Help! My Child Doesn’t Want to Read!
Before you start nodding and agreeing to one of the most pressing, and perhaps most common complaint many parents from all over the world are seeking help with, put yourself in your child’s shoes. Stop and think. When was the last time your child saw you read? (Reading emails on your phone doesn’t count!) And if he has seen you read, was it with pleasure? Or with utter stress?
We completely understand. Working and parenting full-time isn’t easy but take a minute and ponder, when was the last time you brought your child to the library? Or a bookstore? Or more importantly, when was the last time you’ve read to your child? According to Rebekah Gienapp, the barefootmommy blogger, it’s hard to convince a child that reading is enjoyable if they don’t see the adults in their lives do it.
If your answer to any of the above questions is “It’s been awhile” or worse still “Not yet”, Puva Kurusamy of Cognitive Connections, Tueetor’s Premium Partner says, “Don’t wait any longer. Start making plans to read to your reluctant reader, even if it’s for just 10-15 minutes a day.” Then gradually increase that to twenty minutes, half hour and more. After all, listening to stories is equally important as reading one. Jim Trelease’s seminal handbook on reading aloud (“The Read-Aloud Handbook” is now in its 7th edition) affirms that parents have the power to turn reading into a pleasurable activity for their children because it serves to entertain, to bond, to arouse curiosity and to inspire.
More importantly, as Jordan Shapiro, world-renowned thought-leader on global policy, education and game-based learning and parenting points out in his Forbes.com article “Kids don’t read books because Parents don’t read books,” how and if our children learn to read and what they read says a lot more about your (adult) attitudes about reading and books, than it does about our children. In a nutshell, model the behaviours and attitudes you want your children to emulate and inculcate, and you both will be on your way to reclaiming back this “lost” skill. Who knows? You might just rediscover together with your child(ren), a love for literature, or maybe non-fiction. Let’s start by following these 5 main tips. (Tips were curated from PBSparents.com, Scholastic.com and Forbes.com, with the help of Cognitive Connections, and edited by Cecilia Leong.)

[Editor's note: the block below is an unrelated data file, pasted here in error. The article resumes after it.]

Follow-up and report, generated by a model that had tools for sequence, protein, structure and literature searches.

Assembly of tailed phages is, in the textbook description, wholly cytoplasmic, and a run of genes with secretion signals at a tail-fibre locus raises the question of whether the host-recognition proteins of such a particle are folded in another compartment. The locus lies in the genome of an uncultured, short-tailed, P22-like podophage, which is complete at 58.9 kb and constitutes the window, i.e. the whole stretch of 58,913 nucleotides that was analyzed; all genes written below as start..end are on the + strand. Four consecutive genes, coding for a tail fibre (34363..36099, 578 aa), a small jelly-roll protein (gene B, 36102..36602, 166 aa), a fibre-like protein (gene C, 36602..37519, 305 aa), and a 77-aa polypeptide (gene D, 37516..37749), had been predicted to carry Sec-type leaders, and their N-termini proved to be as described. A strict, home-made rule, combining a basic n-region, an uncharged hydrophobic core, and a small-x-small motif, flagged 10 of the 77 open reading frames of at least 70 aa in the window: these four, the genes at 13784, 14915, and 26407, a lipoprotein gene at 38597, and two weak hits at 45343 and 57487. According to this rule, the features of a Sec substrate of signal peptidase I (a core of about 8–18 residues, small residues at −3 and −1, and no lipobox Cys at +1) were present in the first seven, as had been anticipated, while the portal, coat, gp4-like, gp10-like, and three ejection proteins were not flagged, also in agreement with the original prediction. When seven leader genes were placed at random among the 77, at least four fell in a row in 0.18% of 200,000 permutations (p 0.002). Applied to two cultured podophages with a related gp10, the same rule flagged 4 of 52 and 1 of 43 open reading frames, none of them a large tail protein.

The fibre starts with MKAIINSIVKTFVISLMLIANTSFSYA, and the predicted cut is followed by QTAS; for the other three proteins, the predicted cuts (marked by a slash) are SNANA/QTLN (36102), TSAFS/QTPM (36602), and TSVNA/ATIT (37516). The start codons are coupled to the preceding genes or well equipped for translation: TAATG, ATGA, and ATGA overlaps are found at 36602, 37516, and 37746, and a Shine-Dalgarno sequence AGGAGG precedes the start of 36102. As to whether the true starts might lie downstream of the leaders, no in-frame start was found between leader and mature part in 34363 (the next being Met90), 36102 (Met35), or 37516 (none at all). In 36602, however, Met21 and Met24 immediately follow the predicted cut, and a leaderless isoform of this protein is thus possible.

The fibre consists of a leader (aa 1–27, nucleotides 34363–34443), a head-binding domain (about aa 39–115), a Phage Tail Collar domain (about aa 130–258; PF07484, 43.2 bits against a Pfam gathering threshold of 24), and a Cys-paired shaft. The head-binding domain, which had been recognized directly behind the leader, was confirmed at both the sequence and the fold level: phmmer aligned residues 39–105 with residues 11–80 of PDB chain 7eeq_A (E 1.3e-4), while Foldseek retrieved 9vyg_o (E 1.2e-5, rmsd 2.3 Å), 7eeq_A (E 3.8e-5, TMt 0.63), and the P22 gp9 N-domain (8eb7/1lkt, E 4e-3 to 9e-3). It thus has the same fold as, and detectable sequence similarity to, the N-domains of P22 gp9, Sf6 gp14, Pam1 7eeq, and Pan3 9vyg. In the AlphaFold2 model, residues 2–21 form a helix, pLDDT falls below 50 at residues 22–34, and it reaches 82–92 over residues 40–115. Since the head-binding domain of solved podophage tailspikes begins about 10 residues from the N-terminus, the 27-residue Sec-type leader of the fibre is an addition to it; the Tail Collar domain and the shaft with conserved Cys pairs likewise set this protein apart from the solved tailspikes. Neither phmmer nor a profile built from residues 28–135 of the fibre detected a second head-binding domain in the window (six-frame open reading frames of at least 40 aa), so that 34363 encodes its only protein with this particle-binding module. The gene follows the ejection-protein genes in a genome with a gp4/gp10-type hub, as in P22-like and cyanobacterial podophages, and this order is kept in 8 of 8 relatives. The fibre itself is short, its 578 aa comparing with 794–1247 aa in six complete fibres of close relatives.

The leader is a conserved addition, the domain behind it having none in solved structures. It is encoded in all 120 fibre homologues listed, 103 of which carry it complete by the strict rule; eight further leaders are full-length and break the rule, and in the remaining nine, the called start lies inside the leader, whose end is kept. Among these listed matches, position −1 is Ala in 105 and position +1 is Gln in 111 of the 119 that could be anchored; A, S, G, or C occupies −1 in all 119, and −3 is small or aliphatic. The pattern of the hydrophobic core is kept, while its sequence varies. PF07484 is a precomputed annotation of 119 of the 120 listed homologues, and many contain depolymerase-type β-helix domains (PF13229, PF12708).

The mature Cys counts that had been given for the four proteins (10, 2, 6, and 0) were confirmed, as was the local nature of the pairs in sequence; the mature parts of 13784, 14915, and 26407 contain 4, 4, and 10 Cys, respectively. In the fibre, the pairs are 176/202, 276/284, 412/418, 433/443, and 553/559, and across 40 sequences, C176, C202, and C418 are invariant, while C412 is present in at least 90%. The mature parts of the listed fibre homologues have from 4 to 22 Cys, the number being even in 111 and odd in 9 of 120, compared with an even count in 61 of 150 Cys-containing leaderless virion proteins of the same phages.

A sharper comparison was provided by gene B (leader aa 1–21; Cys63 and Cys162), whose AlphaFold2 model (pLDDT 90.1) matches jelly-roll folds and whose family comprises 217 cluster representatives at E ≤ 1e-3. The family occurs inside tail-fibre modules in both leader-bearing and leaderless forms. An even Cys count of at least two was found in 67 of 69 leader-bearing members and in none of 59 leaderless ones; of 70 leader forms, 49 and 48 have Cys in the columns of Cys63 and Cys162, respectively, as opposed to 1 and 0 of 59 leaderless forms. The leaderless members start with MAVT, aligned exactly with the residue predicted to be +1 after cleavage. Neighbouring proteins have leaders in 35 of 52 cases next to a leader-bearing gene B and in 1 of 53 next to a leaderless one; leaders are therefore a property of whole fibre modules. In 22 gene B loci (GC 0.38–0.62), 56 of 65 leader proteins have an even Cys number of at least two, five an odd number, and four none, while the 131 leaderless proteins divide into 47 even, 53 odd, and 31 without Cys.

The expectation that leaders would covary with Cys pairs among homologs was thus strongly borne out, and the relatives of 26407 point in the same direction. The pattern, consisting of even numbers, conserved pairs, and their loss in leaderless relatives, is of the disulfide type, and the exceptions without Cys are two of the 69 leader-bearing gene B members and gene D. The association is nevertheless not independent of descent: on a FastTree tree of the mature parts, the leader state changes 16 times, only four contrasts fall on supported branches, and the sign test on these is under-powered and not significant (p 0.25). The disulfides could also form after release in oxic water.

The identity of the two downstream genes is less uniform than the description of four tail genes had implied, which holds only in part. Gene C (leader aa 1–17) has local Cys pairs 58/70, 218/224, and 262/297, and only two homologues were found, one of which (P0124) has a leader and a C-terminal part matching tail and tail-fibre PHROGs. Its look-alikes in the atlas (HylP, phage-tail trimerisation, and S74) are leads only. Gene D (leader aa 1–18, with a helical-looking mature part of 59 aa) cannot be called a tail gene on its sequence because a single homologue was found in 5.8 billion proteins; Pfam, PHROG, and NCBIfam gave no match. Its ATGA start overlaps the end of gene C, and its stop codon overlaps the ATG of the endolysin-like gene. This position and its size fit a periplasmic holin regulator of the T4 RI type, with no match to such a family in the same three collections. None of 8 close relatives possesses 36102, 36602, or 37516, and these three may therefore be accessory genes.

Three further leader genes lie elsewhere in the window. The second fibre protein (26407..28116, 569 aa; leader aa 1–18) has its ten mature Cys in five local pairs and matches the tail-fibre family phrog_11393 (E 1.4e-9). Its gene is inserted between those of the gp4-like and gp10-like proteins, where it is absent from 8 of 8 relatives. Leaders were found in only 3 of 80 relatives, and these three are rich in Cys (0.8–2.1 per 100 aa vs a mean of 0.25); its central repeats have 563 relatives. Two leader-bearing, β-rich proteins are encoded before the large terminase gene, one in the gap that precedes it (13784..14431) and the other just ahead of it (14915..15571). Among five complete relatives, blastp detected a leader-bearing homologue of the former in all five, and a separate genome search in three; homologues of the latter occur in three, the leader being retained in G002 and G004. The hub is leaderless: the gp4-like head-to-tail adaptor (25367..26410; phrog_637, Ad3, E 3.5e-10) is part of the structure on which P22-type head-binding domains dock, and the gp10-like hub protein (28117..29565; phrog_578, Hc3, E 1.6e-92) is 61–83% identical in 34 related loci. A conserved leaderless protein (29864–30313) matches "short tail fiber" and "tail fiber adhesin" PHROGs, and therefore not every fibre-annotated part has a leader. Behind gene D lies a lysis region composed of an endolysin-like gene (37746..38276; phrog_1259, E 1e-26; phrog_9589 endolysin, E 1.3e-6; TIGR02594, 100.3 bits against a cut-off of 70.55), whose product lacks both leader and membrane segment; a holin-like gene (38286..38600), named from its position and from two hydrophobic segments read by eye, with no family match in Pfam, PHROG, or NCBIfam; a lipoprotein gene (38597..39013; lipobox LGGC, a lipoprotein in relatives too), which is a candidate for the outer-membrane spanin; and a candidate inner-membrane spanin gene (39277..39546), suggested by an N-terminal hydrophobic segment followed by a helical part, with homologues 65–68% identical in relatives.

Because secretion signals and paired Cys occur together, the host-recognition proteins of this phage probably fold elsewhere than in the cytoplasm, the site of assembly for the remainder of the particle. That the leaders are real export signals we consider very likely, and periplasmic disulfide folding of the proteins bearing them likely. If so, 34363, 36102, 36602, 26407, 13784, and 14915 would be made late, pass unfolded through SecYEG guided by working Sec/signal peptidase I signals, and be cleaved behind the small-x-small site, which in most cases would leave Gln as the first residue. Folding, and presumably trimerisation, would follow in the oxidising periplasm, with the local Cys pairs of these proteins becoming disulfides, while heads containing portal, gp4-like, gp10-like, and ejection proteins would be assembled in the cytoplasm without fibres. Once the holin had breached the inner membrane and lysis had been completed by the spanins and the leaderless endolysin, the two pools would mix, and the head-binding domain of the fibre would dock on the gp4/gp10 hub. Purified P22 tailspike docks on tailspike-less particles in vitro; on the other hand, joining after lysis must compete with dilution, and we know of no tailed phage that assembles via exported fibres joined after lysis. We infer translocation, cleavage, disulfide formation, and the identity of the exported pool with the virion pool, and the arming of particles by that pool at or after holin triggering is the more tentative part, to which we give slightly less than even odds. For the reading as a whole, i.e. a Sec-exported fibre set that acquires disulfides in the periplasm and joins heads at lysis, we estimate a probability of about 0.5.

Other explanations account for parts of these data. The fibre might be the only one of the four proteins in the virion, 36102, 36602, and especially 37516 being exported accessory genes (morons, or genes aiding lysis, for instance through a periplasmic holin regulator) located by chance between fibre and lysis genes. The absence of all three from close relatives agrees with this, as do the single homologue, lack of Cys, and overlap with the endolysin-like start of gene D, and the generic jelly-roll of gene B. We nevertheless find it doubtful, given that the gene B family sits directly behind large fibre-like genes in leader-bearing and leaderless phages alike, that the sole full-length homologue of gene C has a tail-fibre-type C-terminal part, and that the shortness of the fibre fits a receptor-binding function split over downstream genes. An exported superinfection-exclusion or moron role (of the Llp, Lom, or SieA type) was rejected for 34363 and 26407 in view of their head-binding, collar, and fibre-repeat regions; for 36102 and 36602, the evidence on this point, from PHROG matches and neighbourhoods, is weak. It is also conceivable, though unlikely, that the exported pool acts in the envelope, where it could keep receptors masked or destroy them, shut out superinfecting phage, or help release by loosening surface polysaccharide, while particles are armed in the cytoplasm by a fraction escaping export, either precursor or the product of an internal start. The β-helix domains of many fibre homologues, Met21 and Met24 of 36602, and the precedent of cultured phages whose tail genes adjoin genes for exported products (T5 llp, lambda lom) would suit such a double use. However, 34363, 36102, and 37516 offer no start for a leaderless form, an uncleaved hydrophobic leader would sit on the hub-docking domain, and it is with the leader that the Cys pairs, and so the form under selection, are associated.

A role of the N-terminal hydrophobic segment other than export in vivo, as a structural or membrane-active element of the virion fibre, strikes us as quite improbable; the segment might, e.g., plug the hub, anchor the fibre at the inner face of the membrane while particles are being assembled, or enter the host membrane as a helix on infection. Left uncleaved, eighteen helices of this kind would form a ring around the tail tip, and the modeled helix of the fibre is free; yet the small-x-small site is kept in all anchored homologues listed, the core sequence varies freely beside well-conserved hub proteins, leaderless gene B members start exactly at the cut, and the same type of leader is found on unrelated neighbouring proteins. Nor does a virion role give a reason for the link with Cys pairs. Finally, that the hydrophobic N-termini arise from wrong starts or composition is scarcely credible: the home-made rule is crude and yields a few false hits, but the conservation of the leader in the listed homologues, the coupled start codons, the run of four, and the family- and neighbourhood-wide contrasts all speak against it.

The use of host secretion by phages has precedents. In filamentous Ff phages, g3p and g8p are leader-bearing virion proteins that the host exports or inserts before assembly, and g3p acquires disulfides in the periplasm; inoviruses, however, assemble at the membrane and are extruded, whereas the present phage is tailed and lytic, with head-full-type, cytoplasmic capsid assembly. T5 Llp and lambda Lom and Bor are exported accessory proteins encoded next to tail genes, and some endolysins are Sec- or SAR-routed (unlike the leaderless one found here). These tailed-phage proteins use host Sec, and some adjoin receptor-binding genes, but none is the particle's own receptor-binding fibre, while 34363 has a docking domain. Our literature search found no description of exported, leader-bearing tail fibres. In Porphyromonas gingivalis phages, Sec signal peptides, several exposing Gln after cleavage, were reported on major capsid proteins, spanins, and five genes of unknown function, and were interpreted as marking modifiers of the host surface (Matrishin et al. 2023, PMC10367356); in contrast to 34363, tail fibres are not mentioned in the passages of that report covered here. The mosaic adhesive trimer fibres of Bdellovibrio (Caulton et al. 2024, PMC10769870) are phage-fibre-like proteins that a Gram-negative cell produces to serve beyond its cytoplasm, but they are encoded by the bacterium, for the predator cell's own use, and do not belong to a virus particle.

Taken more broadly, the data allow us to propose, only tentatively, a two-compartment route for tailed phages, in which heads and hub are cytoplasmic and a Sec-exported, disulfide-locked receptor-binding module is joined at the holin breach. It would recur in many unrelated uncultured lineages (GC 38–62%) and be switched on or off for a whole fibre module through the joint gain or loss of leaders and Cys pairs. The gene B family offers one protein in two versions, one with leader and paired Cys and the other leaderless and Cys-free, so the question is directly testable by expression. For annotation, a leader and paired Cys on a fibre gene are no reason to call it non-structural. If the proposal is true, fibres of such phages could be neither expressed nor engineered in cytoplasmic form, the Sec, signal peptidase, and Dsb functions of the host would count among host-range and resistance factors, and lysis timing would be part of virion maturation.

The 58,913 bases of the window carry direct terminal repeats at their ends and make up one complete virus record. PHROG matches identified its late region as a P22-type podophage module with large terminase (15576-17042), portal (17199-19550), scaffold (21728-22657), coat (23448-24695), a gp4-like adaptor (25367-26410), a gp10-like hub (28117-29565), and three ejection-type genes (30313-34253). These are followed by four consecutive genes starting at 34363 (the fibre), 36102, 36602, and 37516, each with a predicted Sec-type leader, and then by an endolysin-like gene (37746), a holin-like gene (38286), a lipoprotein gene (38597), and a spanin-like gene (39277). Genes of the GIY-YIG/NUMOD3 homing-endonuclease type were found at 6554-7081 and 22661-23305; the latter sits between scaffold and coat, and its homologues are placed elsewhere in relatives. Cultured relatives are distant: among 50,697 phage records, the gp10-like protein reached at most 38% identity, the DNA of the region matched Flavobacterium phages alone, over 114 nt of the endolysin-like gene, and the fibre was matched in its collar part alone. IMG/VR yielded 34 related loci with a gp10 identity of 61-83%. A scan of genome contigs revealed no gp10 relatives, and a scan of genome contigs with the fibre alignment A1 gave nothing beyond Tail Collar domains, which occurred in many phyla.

1. Zero In On His or Her Interests
Before you do anything, take a step back and consider what is his favorite “thing of the moment”. It could be about dinosaurs. Or planets. Or magic and wizardry. Or rocks. Or snakes. You can choose to read something that interests, excites or intrigues your child. Knowing what interests him can help you pinpoint what types of texts he may enjoy reading. Try to be more expressive when you read the book aloud. When you read fluently and your child comprehends the meaning in the tone and intonation of your reading, he will realize it’s also in the way you express the words, that makes reading an all-encompassing experience. Allow your child to model your fluent, slow and steady reading. And read, with feeling, so that your child sees it’s not just the mere mouthing of the words.
If your child doesn’t have a go-to subject or topic he’s absolutely in love with, find books that connect to the current events in your child’s life and those that you are experiencing as a family. This can help build background knowledge and interest. For example, books on countries that you intend to holiday in or books that have values that you are trying to instill in your child are also good suggestions. You can also consider say books that connect to the seasons, cultures, or special events. All these ideas open up the world of reading to your child, and should be awe-inspiring, one book at a time.
As books use a wider vocabulary than daily conversations, printed material is a rich source of sophisticated words than mere dialogue. And exposing your child to this rich source is as good as receiving a regular school lesson in literary skills. As Ms Kurusamy points out, it is worth to note that the level of vocabulary used in story books for pre-schoolers is approximately the same level used in speech between college-going students. So it doesn’t have to be merely fiction or non-fiction books. Consider trading cards, graphic novels, comic books and the like.
2. Start Small and Pair Books with Activities